Political Animal


February 20, 2012 5:25 PM Getting the Government Out of Public Schools

By Ed Kilgore

What with his attacks on the president for advancing “phony theology,” and on Mitt Romney for seeking government “bailouts” for the Olympics, Rick Santorum got less attention for his assault on federal and state involvement in public education during his speech to the Ohio Christian Alliance over the weekend.

Those who did notice generally accused Santorum of attacking the very idea of public schools. I have little doubt Santorum is blowing a dog-whistle to home-schoolers and those who think education should be privatized (with or without public subsidies). But he did not, for the record, say he opposed public education: he just said the federal government and the states should have minimal involvement in education generally.

There is however, a pretty substantial overlap between what Santorum said and meant and what he was inaccurately accused of saying. Federal and (especially) state involvement in public education is what makes it possible for public schools to operate in the low-income communities where public education matters most. Overall, federal and state governments provide over half the revenues of K-12 public schools in America. And in poorer areas of the country, inadequate local revenues are only partially offset by higher federal and state education funding.

Santorum did vote in the Senate for No Child Left Behind, which was aimed (inadequately) in part on equalizing educational opportunities through federal dollars. But he now seems to be hell-bent on restoring the maximum degree of educational inequality, and his heretical voting record may actually push him in a direction more reactionary than the one he has embraced in the past.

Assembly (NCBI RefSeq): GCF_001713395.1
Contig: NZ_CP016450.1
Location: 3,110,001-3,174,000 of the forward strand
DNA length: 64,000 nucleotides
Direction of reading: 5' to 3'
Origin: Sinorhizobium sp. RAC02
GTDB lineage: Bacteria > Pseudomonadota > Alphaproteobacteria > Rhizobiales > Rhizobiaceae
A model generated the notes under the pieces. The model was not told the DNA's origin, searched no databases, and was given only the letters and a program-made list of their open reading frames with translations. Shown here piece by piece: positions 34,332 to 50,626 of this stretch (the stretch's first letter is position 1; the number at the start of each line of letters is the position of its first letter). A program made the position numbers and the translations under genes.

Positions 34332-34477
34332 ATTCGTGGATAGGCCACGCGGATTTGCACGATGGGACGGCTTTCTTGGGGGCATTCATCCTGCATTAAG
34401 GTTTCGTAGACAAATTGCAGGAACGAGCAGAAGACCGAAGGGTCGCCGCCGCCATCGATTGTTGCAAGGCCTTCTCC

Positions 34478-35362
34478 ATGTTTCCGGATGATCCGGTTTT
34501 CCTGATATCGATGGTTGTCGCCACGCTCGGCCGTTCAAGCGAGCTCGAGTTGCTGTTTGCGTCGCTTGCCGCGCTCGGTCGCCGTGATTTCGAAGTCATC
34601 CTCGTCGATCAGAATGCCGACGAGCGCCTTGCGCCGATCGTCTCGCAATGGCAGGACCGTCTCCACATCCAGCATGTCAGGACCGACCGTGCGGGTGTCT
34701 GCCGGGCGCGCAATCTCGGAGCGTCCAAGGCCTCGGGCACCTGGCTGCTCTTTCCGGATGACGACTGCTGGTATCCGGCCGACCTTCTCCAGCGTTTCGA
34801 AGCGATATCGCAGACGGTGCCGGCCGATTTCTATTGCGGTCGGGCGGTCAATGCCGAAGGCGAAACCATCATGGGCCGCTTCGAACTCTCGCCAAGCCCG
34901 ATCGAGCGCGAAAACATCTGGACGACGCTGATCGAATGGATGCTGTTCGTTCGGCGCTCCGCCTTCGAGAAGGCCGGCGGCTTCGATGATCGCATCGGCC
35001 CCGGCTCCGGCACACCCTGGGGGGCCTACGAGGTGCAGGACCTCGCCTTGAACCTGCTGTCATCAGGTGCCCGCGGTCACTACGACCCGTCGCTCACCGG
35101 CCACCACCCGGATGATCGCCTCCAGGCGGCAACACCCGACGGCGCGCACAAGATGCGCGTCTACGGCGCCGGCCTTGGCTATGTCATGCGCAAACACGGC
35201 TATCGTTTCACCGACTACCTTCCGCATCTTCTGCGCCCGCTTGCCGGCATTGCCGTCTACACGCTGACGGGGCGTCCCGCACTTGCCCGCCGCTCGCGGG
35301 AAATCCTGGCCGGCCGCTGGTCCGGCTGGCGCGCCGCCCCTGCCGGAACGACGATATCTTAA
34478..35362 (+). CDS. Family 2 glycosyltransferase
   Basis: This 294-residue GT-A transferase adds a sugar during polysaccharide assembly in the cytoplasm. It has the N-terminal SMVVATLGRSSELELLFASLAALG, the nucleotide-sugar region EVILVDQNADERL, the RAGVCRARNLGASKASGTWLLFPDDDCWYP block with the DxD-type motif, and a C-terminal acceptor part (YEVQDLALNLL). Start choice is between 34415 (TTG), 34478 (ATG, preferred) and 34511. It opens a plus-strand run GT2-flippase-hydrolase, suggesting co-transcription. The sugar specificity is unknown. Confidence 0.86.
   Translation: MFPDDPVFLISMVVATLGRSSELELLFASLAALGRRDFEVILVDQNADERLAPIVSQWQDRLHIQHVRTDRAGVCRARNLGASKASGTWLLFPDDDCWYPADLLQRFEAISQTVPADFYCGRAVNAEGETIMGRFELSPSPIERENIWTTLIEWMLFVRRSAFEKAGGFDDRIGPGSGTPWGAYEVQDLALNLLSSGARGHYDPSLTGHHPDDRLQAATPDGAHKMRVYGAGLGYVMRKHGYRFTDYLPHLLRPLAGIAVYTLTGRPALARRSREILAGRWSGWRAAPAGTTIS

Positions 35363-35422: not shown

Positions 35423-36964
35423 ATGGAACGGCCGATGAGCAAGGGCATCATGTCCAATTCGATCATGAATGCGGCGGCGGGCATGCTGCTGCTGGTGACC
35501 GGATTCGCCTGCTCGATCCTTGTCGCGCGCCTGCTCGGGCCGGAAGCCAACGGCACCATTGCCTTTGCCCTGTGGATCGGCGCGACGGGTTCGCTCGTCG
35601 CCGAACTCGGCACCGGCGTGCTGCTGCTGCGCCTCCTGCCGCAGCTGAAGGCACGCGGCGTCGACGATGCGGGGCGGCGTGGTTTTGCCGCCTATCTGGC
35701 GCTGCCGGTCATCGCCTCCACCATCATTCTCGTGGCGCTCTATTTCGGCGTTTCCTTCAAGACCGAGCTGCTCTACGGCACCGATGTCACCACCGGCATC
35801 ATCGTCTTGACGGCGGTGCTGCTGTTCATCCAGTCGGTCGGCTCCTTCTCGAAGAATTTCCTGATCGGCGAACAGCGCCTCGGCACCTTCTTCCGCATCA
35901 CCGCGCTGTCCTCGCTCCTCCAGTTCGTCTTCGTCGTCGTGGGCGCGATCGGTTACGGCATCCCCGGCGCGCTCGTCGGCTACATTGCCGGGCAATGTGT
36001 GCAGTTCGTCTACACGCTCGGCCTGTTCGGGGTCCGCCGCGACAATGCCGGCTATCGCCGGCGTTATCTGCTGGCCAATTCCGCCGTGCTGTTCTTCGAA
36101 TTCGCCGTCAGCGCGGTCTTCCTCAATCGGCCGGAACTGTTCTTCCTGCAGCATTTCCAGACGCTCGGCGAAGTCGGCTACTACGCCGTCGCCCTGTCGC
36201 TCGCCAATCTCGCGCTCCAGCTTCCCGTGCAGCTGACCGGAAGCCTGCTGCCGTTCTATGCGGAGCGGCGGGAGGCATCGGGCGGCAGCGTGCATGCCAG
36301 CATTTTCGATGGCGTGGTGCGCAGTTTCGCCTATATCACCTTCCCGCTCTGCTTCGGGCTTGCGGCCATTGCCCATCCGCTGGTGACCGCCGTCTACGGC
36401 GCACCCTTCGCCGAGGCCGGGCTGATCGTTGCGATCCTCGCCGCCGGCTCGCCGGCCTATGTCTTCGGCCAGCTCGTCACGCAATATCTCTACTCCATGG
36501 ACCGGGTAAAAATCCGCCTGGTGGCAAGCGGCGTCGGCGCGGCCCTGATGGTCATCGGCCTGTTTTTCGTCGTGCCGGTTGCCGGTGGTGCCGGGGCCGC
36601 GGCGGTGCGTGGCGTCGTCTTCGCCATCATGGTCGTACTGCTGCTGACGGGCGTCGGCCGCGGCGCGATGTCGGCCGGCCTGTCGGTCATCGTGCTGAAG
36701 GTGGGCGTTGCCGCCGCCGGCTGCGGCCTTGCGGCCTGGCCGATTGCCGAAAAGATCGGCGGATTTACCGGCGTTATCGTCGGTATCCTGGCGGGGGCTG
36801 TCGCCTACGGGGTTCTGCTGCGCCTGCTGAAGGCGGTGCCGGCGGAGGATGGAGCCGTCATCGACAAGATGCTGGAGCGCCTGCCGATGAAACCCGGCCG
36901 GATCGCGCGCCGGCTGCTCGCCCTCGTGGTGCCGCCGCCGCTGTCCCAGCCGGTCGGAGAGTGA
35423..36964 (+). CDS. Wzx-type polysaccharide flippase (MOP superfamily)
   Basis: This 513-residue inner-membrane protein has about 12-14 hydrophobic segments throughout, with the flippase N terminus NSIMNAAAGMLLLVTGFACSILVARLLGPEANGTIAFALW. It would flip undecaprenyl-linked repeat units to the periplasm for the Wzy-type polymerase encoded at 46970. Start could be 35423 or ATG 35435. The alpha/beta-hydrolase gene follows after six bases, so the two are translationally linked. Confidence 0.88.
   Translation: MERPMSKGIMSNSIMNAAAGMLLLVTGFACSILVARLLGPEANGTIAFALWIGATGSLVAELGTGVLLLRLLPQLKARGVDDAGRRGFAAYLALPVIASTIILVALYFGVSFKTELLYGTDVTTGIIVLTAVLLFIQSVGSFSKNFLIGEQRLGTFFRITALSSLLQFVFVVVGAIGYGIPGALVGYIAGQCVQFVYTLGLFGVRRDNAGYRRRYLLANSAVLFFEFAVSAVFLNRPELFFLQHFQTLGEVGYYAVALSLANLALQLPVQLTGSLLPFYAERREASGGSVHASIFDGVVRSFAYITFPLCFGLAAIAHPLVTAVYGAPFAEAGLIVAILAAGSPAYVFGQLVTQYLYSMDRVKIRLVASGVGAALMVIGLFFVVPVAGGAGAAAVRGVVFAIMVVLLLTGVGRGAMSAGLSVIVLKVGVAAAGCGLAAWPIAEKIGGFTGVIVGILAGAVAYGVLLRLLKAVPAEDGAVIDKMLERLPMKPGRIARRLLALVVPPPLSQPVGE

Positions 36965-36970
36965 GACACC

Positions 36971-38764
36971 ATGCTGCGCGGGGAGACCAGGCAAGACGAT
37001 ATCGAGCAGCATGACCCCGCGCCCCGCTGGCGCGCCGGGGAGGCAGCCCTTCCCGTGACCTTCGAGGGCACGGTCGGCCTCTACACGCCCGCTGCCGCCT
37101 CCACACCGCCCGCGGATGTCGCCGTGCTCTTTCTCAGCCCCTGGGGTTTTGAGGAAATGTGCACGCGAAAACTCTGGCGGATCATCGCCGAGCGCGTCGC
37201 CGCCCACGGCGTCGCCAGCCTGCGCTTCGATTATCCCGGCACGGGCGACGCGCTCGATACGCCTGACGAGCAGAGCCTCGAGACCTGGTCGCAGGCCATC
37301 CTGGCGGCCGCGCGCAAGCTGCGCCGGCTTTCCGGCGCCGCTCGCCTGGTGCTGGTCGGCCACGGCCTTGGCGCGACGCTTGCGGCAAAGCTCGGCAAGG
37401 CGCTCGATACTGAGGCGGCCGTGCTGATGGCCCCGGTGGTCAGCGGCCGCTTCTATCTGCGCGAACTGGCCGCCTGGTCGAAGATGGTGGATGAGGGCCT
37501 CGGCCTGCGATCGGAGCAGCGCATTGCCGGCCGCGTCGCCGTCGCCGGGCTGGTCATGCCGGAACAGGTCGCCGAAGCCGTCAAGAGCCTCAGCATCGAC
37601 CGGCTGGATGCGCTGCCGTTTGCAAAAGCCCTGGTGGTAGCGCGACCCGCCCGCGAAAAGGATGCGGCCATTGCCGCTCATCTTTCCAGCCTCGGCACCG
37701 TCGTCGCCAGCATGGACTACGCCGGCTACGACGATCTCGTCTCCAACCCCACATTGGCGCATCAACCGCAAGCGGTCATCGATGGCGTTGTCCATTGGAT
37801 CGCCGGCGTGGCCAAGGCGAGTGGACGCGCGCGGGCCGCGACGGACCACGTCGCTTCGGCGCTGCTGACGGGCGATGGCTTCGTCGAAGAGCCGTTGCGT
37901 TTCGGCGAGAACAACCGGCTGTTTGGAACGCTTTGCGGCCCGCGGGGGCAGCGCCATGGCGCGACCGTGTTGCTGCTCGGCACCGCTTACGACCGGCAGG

Rick hasn’t quite called for getting the government out of public schools, but he’s getting close. Public subsidies for sectarian schools strike him as making sense. So, too, does submitting to parents and “neighborhood” authorities for use of public education funds. He’s a solid symbol of the devolution of Republican “thinking” on education policy since George W. Bush took office in 2001.

Ed Kilgore is a contributing writer to the Washington Monthly. He is managing editor for The Democratic Strategist and a senior fellow at the Progressive Policy Institute. Find him on Twitter: @ed_kilgore.


  • T2 on February 20, 2012 5:42 PM:

    I guess it's pretty simple....the dumber people are, the more likely to vote Republican.

  • DRF on February 20, 2012 5:47 PM:

    Are you suggesting that Santorum is in favor of purely local (i.e., city, county or township) control of public schools? I don't think that's what he meant, but if it is, it's just about the stupidest idea to emerge yet in the Republican primaries.

    To put educational standards and curriculum in the hands of local school boards, which consist entirely of amateurs with little or no professional educational backgrounds, is insanity. And does Santorum really believe that standard should differ from town to town?

    I think that Santorum was, in fact, criticizing the notion of public education altogether. Either way, this guy clearly isn't qualified to be President.